Nicknamed ‘Little Africa’, the Chinese city of Guangzhou which is home to Asia’s largest African migrant population – roughly around fifteen thousand - has been the subject of recent media attention. If Wuhan was the epicenter of the Covid-19 outbreak, then Guangzhou has now emerged as hub of sprawling anti-foreigner sentiment – especially against African nationals.
In the last few days, several social media videos, memes, reports have been doing the round showcasing a crackdown against Africans, amid rising coronavirus-fuelled xenophobia. Scores of Africans have been evicted from their lodging by landlords and are being forced to live on the streets over baseless and rubbish claims that foreigners and colored communities are importing the coronavirus to the city. In addition to being refused accommodations, food supplies and public transports, Africans are being targets of suspicions, mass and random coronavirus testing, and are being subjected to arbitrary and enforced quarantines, despite having no symptoms.
Chinese concerns of a Covid-19 rebound is turning out to be a public relations disaster. The plight of the African community currently living in Guangzhou is there for the world to see. The world has in the past turned a blind eye to Chinese maltreatment of Muslim Uighurs, but this recent spate of targeted vetting and attacks under the guise of a testing campaign for Covid-19 sheds light on Chinese discriminatory malpractices. Not to mention these developments have been taking place at a time when World Health Organization (WHO) chief and Taiwanese government are embroiled in a blame game over stoking racism. The WHO’s role in tackling the coronavirus pandemic has also come under scrutiny – and with good reasons – by various world leaders, analysts, and experts. President Donald Trump has accused the WHO of acting too slowly to sound the alarm about the coronavirus, labelled the organization as being too ‘China-centric’ and threatened to withdraw funding to the UN agency.
As the world, especially the United States and Europe, continues to grapple with and concentrate on its own massive viral outbreaks, China and its ruling Chinese Communist Party (CCP) has jumped in at the first opportunity to shape the entire narrative of the Coronavirus outbreak. China has swooped in, deployed its propaganda playbook, and tried every possible means to deflect attention from the viruses’ epicenter. It wants to do so by portraying its leaders as ones who are firmly in charge, leading an army of doctors and healthcare workers fighting in the frontline of a ‘people’s war’ against the disease. With the worse of the coronavirus situation behind it, China has embarked on this exact mission in the past few weeks.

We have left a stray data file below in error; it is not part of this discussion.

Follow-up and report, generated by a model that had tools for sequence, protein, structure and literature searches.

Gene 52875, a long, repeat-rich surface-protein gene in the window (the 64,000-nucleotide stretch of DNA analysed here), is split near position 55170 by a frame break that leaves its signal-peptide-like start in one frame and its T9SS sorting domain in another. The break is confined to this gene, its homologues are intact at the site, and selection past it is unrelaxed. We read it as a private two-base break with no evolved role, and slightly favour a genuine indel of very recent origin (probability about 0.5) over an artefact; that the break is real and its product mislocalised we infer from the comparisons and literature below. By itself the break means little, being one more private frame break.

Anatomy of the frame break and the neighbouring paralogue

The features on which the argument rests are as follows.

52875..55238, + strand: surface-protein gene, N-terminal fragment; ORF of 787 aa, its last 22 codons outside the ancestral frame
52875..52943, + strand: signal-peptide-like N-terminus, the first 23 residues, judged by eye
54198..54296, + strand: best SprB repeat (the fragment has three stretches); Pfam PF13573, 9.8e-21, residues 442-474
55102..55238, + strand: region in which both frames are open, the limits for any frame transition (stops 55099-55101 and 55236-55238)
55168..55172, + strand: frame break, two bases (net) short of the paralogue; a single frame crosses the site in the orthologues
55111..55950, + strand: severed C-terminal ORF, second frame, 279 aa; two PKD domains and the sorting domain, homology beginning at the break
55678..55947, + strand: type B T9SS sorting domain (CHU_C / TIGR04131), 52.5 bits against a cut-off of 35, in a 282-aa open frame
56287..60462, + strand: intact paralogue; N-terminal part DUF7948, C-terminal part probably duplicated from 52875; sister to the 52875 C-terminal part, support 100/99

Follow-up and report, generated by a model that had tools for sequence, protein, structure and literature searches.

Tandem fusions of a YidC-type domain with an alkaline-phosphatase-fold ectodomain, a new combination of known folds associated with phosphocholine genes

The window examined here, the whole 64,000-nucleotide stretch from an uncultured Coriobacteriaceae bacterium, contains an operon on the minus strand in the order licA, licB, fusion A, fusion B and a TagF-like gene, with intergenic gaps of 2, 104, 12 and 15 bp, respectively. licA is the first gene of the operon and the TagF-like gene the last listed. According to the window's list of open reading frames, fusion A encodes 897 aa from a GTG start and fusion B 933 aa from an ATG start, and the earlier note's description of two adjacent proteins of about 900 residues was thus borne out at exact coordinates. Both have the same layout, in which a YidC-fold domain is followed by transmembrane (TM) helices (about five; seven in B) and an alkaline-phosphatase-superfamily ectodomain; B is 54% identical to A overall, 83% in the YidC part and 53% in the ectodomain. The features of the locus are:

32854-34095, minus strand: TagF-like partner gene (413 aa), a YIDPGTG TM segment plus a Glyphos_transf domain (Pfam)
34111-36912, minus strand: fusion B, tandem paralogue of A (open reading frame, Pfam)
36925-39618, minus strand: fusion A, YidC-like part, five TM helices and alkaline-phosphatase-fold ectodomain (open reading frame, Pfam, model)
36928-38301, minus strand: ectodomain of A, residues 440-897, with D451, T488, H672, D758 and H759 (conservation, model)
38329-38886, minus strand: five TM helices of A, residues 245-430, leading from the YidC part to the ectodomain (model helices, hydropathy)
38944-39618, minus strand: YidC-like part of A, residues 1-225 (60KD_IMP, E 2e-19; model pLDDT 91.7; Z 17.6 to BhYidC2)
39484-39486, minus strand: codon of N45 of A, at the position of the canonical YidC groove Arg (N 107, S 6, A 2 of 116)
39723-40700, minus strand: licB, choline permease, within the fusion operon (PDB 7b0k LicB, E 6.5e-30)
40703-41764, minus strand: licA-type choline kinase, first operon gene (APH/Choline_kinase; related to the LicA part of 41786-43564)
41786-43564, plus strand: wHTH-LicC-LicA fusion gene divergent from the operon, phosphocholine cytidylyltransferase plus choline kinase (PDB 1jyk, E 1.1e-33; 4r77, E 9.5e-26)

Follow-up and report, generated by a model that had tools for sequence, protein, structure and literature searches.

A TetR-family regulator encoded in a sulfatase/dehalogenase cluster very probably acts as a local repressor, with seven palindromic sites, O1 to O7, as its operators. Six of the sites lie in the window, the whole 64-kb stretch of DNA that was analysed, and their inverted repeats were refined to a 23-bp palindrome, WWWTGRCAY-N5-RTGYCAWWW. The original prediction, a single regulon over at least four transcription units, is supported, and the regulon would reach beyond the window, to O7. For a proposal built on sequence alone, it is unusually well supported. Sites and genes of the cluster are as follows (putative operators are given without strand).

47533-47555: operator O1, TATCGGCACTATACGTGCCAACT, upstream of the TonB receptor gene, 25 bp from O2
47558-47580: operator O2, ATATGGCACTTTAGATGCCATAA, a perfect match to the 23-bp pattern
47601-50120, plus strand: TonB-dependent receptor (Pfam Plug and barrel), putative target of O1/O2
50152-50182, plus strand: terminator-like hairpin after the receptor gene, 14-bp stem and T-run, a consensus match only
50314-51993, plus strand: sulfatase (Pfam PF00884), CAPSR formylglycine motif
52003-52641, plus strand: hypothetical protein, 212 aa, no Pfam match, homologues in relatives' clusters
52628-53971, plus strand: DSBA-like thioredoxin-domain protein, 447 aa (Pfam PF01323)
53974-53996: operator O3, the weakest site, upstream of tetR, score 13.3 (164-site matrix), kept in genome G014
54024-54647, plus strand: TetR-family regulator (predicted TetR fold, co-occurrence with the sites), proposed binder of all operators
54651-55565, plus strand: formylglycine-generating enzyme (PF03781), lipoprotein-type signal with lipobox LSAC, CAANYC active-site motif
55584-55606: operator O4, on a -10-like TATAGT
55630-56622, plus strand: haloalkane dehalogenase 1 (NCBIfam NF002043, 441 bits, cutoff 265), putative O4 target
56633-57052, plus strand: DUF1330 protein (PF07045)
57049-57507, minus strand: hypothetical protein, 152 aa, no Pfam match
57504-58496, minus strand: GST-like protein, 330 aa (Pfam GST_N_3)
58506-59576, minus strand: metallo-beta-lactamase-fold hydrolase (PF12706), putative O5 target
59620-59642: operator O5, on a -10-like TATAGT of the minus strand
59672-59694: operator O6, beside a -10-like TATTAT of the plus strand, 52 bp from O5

Although the number of cases and mortality rates are currently low in the African continent, as compared to other regions, public health officials are concerned. Africa’s situation remains just weeks behind reaching European levels. Apart from limited access to quality healthcare, severe shortage of specialized equipments like ventilators and personal protective equipment (PPE) kits compounds to Africa’s problem, one that is already under considerable strain due to underfunded and poorly equipped health care systems. Furthermore, Sub-Saharan African countries carry some of the world’s heaviest burden of serious underlying conditions of HIV, Tuberculosis, Malnutrition that compromises the health of millions of children in the region, and other co-morbidities. In these trying times, the need of the hour is to rally all possible resources to help African countries to meet its people’s immediate survival and health needs while also safeguarding livelihoods and jobs in the longer term. But achieving that will be an uphill challenge.